The Reserve Bank owns premises in locations where there is a business need to do so. The Bank’s facilities include: the Head Office in Sydney; the H.C. Coombs Centre for Financial Studies in Kirribilli, Sydney; an office building in Canberra; facilities for the printing, processing, storage and distribution of banknotes at Craigieburn, north of Melbourne; and a Business Resumption Site in north-west Sydney. In addition to the buildings it owns, the Bank leases office space in Adelaide, Brisbane, Melbourne, Perth, Beijing, London and New York for staff based in these locations. Valuations are undertaken every second year. As at 30 June 2021, the value of the Bank’s domestic property assets was estimated at $556 million. The next valuation will be undertaken by 30 June 2023.

Office space in the Reserve Bank’s properties that is not required for the Bank’s own business purposes is leased to external tenants. Net income from these leases amounted to $5.9 million in 2021/22.

During the year in review, the Reserve Bank commenced a large-scale renovation of the Bank’s Head Office building and completed a major renovation of the H.C. Coombs Centre in Kirribilli. The renovations to the H.C. Coombs Centre have modernised the facility, which was built in 1984, and also expanded its capacity. The renovation of the Head Office building commenced in April 2022 after an extensive design phase and a competitive tender for a Head Building Contractor. These works will upgrade base building infrastructure that is at end-of-life and will ensure a safe, efficient and effective workplace to meet the long-term needs of the Bank, while preserving heritage features.

Works to increase the Bank’s data centre infrastructure efficiency and capacity were also completed during 2021/22. Other improvements to the Bank’s physical security infrastructure are under way across several sites as part of a periodic program to replace assets that are at end-of-life and no longer fit for purpose.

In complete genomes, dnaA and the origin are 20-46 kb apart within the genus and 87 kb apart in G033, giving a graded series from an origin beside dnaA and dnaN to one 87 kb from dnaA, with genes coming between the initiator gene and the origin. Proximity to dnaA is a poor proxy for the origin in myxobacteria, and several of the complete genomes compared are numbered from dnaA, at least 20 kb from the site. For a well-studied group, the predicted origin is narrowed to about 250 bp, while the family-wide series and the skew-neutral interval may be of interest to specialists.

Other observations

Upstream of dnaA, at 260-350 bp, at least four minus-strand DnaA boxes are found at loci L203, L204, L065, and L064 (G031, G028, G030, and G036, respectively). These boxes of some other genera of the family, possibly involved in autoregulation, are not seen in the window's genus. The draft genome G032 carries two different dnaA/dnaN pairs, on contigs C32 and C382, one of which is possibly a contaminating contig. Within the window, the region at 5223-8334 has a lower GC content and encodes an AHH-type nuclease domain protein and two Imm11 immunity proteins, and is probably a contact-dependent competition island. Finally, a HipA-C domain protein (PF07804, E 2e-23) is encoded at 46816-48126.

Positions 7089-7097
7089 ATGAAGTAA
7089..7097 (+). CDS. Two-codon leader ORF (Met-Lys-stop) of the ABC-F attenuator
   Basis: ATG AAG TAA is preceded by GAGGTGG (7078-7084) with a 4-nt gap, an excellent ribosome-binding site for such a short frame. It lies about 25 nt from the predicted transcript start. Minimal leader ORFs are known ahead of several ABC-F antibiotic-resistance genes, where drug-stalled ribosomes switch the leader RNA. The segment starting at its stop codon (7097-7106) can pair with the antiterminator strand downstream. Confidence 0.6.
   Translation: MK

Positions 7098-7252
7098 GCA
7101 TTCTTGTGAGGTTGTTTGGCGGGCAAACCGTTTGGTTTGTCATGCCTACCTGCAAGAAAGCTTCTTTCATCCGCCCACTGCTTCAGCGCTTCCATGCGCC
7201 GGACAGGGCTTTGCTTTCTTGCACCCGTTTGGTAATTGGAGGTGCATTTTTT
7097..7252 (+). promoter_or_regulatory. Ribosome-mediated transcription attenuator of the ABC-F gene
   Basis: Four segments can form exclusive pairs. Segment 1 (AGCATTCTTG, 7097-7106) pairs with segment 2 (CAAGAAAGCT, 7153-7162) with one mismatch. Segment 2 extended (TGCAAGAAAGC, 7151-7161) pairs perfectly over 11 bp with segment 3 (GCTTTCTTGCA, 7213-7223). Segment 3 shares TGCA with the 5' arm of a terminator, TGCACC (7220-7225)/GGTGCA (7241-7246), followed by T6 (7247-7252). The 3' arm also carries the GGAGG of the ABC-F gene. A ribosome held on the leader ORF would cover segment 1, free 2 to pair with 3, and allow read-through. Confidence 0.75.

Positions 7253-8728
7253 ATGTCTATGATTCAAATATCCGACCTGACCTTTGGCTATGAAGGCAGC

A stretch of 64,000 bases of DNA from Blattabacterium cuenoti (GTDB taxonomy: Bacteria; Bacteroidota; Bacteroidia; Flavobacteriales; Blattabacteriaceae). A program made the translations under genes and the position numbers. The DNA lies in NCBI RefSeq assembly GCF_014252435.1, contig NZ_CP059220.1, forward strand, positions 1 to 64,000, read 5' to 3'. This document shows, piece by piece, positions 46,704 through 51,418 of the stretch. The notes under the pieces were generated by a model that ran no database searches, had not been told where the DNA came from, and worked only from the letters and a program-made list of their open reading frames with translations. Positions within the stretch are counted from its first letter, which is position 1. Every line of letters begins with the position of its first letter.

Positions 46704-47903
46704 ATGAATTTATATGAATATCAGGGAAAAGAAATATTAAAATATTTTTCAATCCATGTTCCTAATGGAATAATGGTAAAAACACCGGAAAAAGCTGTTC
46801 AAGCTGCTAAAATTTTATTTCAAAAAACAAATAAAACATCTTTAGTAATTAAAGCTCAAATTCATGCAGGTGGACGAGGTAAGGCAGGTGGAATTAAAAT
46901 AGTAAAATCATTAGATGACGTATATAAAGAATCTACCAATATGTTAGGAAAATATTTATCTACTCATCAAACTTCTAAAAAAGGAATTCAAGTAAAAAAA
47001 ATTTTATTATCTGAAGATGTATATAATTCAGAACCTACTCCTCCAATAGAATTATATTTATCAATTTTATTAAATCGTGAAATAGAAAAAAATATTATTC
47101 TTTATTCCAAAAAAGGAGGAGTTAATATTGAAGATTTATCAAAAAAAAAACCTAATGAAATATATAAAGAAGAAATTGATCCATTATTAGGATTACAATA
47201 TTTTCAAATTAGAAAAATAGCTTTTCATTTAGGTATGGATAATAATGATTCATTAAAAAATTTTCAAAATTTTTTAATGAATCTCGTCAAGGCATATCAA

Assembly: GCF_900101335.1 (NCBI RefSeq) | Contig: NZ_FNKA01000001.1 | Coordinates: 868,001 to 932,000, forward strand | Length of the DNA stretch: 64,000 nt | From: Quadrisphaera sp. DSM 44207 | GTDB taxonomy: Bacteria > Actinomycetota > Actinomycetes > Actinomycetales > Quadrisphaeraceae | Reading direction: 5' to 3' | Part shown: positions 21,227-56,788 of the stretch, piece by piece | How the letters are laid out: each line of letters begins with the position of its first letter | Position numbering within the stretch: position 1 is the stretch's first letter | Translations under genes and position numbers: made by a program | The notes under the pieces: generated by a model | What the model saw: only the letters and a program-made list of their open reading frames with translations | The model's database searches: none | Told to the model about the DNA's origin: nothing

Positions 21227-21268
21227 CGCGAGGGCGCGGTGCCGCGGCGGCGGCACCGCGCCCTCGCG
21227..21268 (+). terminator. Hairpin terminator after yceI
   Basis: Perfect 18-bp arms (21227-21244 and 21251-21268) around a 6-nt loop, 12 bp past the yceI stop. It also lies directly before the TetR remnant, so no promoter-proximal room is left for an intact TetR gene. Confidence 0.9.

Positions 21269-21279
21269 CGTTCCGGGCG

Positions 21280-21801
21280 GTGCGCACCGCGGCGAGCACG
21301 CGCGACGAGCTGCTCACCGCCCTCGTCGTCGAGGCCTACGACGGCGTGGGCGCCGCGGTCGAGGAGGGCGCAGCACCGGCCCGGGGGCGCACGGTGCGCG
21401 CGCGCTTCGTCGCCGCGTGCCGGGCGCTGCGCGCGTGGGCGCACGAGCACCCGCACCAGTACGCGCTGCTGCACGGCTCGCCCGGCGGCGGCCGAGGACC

Ecologically sustainable development and environmental performance

The Reserve Bank is committed to improving the environmental performance of its operations. The Bank has developed policies and practices that are consistent with the principles of ecologically sustainable development (ESD) as set out in the Environment Protection and Biodiversity Conservation Act 1999. These policies and practices serve to minimise the impact of the Bank’s activities on the environment by: increasing the use of renewable energy sources; undertaking continuous environmental improvement through more efficient energy utilisation and management of waste streams; and incorporating sustainability and environmental aspects in the Bank’s building designs and operations. The ESD principles are captured in the Bank’s Environmental Statement.[1]

Key waste management activities in this period included: